Would you like to go back to Sudan some day?
Sudan is my home and my family is still there, so yes, I would like to return, but there is still too much fighting. I haven’t seen my family in Sudan in ten years. My parents and one sister are living in a camp there now. My father is sick, but there is no money to help him because he can’t work. I have two sisters in a camp in Egypt: one has three kids, and one is not married. They have been waiting in the camp to come to the U.S. for two years. Wait, wait, wait, but the answer is still no. I call my family, but it is not the same. I want my sisters to be able to come here to live and feel safe.
Tell us about your new business!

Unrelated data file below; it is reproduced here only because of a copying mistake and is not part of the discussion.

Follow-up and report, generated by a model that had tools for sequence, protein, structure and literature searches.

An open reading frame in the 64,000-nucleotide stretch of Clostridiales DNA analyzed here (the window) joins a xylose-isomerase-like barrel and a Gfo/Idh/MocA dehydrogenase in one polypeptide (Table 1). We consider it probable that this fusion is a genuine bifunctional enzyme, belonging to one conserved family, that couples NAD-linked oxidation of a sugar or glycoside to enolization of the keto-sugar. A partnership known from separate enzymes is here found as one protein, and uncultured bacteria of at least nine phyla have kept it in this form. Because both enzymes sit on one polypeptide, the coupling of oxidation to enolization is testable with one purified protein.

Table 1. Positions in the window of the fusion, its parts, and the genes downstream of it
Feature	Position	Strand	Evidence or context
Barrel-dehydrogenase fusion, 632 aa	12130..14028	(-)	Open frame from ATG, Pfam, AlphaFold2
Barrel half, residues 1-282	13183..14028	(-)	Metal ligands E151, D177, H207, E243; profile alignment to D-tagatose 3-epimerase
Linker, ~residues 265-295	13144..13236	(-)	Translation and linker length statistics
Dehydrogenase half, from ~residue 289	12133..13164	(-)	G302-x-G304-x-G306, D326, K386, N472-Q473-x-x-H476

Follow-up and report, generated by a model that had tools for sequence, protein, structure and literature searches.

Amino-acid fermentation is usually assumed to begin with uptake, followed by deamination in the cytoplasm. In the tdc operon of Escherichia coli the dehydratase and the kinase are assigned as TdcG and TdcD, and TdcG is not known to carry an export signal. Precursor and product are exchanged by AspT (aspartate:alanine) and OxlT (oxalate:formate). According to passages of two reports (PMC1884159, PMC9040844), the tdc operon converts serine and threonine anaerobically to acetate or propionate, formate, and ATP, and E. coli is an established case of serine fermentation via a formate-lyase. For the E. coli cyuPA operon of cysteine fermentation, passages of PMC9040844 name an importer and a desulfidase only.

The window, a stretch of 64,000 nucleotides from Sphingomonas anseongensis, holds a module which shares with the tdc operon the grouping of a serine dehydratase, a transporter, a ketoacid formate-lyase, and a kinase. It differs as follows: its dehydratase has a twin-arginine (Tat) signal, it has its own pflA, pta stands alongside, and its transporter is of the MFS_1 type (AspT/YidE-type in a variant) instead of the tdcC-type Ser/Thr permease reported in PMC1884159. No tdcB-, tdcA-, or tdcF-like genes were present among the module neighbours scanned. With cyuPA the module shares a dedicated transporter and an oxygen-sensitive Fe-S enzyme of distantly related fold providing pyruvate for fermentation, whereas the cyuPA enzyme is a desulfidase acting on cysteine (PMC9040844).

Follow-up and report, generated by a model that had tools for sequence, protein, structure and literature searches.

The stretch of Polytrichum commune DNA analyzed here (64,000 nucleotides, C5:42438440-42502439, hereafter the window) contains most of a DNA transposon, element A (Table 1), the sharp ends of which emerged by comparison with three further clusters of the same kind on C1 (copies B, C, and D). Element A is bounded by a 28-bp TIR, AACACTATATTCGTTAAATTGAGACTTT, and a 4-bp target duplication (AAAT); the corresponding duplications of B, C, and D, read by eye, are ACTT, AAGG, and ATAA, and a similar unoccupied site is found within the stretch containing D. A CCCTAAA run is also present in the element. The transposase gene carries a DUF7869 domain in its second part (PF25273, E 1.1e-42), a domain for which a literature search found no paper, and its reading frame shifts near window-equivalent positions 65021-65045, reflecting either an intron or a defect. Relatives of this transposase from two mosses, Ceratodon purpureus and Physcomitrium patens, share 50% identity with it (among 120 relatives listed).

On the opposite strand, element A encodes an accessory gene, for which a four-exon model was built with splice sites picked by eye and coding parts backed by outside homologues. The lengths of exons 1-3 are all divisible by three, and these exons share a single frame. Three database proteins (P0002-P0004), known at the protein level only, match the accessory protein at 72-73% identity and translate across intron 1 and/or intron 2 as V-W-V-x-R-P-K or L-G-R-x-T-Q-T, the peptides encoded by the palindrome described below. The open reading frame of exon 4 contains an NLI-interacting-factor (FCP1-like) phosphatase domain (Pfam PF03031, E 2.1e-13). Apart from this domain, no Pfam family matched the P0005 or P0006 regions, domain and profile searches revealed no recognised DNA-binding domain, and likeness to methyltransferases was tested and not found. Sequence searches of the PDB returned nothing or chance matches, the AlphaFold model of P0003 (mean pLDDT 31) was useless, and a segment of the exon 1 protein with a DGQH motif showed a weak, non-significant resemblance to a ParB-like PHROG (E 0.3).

I studied cooking at the Spice Kitchen, worked in a restaurant, helped my husband, and worked in a wholesale business. But I wanted to open a small business. The IRC provided me with the loans I needed to start my business, and I bought a food truck in October 2016. I needed to fix the truck, though, and I needed to get a business license and paint my truck. WoW has helped me so much with getting my business going, helping me get my truck ready to go. I am so excited about it! I want to expand my catering business, and my food truck should be open for business in April. I plan to sell sandwiches, rice, gima, sambusa, and falafel from my truck. I cannot wait. I love owning my own business.The people here have been very kind to me. WoW has helped me so much. Abby is wonderful. Anything I need when I come here, she’s helped me with it. WoW has helped me too much, even helped me with my small kids. Abby helped me find the truck. I can’t thank Abby and WoW enough for everything.